This content is from: Brazil

Tax technology in Brazil: Shifting the burden of tax audits to taxpayers

Dealing with corporate taxes in Latin America has been a significant challenge for corporations for a long time, especially in Brazil. Cristina Sampaio Cavalieri Teixeira, managing partner at GR8 Tax & Finance Consulting, and former Latin America tax director and Brazil Finance Director at DuPont, explores the increasing burdens being placed on taxpayers.

Laws and regulations have always been very difficult to interpret in the region, mostly due to the poor wording of the tax legislation, which results in a number of possible interpretations. In addition, the sheer number of taxes has been a challenge in itself.

In more recent years, companies that operate in Brazil have started to suffer with another issue: tax technology.

In 2007, the Brazilian government began to create a number of new electronic filings (including the digital public bookkeeping system (SPED)) which companies must comply with or pay high penalties.

Though it was created under the supposed intention to be one more initiative to automate the relationship between the tax authorities and taxpayers, the truth is that the strategy behind all of these electronic filings is to shift the burden of a tax audit from the tax authorities to the taxpayers. Companies have to invest a significant amount of money in their systems to comply with all the obligations that have been created by the government. And the tax authorities, in turn, take much less time and use fewer resources to audit companies.

It amazes me to see that the first assumption of the SPED creation is that it was done to “allow a better business environment for companies in Brazil”. The reality is that these obligations have increased even further the so called “Brazilian cost”, which is what companies have to invest (beyond the actual company’s operations) to be able to make business in Brazil. The right to operate has become even more expensive in Brazil.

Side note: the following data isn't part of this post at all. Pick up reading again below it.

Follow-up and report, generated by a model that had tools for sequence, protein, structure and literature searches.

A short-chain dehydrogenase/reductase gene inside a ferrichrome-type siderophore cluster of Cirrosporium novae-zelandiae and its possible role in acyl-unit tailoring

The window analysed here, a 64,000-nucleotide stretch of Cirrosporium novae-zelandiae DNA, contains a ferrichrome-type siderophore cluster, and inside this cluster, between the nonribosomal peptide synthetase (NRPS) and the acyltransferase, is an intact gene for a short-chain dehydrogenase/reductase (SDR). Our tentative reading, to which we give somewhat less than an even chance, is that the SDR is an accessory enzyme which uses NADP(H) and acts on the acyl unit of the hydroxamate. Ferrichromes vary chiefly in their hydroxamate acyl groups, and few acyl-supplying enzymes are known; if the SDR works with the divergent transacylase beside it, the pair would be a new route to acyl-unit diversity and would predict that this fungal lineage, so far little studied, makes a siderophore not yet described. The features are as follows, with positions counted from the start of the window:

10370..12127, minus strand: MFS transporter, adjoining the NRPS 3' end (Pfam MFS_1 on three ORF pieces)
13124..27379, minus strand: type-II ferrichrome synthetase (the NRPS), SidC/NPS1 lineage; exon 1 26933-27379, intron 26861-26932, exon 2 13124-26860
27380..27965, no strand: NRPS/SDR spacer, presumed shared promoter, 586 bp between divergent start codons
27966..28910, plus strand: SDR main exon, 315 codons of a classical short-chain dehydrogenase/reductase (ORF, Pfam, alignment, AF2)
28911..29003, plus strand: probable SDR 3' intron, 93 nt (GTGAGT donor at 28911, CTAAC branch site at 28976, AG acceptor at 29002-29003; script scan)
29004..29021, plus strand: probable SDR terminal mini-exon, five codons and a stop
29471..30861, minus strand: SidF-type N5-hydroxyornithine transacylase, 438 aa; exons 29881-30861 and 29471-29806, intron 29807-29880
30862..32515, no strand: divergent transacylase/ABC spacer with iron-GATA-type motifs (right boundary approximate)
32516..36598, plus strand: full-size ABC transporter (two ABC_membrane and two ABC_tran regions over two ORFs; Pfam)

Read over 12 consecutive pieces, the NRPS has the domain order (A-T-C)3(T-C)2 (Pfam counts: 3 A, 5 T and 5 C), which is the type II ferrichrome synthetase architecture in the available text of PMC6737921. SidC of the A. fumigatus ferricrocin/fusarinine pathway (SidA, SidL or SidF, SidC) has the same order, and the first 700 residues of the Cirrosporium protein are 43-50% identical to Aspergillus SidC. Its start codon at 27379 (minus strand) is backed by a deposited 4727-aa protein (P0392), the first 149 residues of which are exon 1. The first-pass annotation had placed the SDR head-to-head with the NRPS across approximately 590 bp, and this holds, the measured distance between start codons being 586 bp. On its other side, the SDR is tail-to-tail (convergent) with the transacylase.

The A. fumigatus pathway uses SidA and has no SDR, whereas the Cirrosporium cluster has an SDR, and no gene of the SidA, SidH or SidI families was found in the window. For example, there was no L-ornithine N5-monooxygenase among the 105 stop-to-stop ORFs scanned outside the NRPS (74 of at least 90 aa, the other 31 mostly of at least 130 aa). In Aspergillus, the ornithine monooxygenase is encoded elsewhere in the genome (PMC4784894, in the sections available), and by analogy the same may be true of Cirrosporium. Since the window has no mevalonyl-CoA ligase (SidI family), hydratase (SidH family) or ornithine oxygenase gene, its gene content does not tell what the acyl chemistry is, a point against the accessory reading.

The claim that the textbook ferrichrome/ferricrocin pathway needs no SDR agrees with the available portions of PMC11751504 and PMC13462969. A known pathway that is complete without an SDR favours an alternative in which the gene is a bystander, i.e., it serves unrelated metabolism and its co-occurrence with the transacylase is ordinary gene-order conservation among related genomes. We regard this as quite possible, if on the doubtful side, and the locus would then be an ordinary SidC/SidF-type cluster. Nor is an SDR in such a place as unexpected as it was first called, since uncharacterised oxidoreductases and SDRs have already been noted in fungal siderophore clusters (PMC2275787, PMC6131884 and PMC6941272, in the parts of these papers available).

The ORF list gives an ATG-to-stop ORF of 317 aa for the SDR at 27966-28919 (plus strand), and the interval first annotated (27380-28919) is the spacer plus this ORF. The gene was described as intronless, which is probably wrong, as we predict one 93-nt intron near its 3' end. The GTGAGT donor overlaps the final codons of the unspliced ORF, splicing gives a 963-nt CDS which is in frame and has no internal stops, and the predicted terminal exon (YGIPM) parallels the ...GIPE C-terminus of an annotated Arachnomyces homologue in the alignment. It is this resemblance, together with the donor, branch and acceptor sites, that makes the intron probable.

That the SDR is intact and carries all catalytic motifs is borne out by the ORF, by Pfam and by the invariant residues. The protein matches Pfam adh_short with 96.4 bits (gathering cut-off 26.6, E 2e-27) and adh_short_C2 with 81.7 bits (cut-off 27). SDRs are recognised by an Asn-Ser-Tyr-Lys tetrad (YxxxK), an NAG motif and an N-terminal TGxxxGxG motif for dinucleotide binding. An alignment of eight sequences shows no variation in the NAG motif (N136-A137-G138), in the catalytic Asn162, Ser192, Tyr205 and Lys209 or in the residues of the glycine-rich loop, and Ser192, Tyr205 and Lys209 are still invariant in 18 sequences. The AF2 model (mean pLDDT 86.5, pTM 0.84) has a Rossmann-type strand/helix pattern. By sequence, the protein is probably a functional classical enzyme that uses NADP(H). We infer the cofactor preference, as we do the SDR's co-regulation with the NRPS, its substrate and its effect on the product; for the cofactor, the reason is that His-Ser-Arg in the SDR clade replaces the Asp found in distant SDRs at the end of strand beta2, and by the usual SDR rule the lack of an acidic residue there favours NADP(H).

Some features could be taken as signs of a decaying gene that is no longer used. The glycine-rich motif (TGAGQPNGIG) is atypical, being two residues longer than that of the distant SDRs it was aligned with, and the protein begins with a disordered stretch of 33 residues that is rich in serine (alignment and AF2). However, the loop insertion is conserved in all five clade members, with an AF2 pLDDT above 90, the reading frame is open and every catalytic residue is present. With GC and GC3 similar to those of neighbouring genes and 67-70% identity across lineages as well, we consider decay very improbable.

Back in 2001, the Brazilian government had already created something of this nature – the IN 86, in which companies were supposed to keep all accounting books in a specific electronic format, as detailed by the tax authorities. Companies did not pay much attention to that obligation at the time, until tax authorities started to request those files under audit. Since the penalty for not presenting the files in the appropriate format within 20 days is very high (5% of the company’s revenue), companies started to rush to get the files done. The problem is that many times it is not exactly easy to go back five years and build these files from scratch. More often than one would wish, companies find a significant number of manual entries not properly documented in their accounting books, which makes it very hard to prepare proper electronic files. As a result, many companies have spent a significant amount of money to make this happen.

Similarly to IN 86, the information required today must be provided in the specific format required by the tax authorities. In that way, their systems can easily and quickly read and cross-check all information provided in those files. The difference is that now the requirement includes periodic fillings with the government. This makes companies that choose not to file very visible to the eyes of the tax authorities and subject to penalties.